Effective immediately, the Animal and Plant Health Inspection Service (APHIS) is declaring eradication of the European grapevine moth (EGVM) in California and eliminating all quarantine areas for EGVM. APHIS and the California Department of Food and Agriculture (CDFA) have conducted extensive survey, control, and regulatory efforts for over three years and found Sonoma and Napa counties clear of EGVM. Therefore, APHIS is releasing the final 446 square miles of Napa and Sonoma Counties that have been under regulation since June 2010. The change allows for unrestricted movement of grapes and other host commodities from these areas.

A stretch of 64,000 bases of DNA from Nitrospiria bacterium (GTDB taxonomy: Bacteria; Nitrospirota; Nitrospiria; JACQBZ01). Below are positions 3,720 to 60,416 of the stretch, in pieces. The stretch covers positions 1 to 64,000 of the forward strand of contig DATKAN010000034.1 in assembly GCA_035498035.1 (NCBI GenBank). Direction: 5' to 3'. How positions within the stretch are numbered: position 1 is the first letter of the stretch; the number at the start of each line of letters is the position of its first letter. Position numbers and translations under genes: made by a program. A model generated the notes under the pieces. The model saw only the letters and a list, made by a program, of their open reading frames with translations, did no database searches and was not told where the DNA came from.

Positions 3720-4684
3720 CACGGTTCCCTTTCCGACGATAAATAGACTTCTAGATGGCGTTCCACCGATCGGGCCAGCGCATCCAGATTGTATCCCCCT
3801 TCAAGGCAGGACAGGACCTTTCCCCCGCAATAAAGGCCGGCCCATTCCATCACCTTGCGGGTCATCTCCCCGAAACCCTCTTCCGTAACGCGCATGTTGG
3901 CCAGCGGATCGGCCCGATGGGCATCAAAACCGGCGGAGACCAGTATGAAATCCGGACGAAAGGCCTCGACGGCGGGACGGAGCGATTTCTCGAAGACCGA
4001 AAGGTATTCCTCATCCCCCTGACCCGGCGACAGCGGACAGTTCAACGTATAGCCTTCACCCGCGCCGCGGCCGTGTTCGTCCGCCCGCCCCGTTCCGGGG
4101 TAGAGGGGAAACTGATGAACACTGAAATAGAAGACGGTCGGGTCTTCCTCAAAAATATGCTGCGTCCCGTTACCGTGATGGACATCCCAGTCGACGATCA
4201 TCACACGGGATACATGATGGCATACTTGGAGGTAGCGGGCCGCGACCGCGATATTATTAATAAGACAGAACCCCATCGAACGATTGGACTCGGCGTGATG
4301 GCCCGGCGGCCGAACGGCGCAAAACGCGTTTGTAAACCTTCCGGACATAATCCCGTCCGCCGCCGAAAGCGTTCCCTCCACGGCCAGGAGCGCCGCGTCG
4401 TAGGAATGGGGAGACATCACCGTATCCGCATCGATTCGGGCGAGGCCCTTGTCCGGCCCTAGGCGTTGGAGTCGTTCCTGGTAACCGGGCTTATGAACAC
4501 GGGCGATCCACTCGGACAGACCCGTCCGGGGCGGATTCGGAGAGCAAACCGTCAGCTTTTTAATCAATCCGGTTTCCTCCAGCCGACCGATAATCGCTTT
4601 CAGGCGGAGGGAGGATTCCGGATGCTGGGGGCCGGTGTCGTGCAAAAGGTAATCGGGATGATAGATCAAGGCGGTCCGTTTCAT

EGVM is a significant pest of grapes and other specialty crops. In October 2009, APHIS confirmed the first detection of EGVM in the United States in major grape production areas of Northern California. In June 2010, APHIS issued Federal Order DA-2010-25 which established the requirements of the regulatory actions and quarantine boundaries. Since then, a series of Federal Orders and Letters to State and Territory Agricultural Regulatory Officials (SPRO Letters) have refined the program. APHIS has partnered with CDFA and the affected counties to work closely with industry, the University of California, and other stakeholders to eradicate this pest within California. Consequently, APHIS is rescinding those Federal Orders and SPRO Letters that regulated the outbreak of EGVM in the United States.
Under IPPC standards, Lobesia botrana is considered to be a pest that is abscent: eradicated from California and the United States.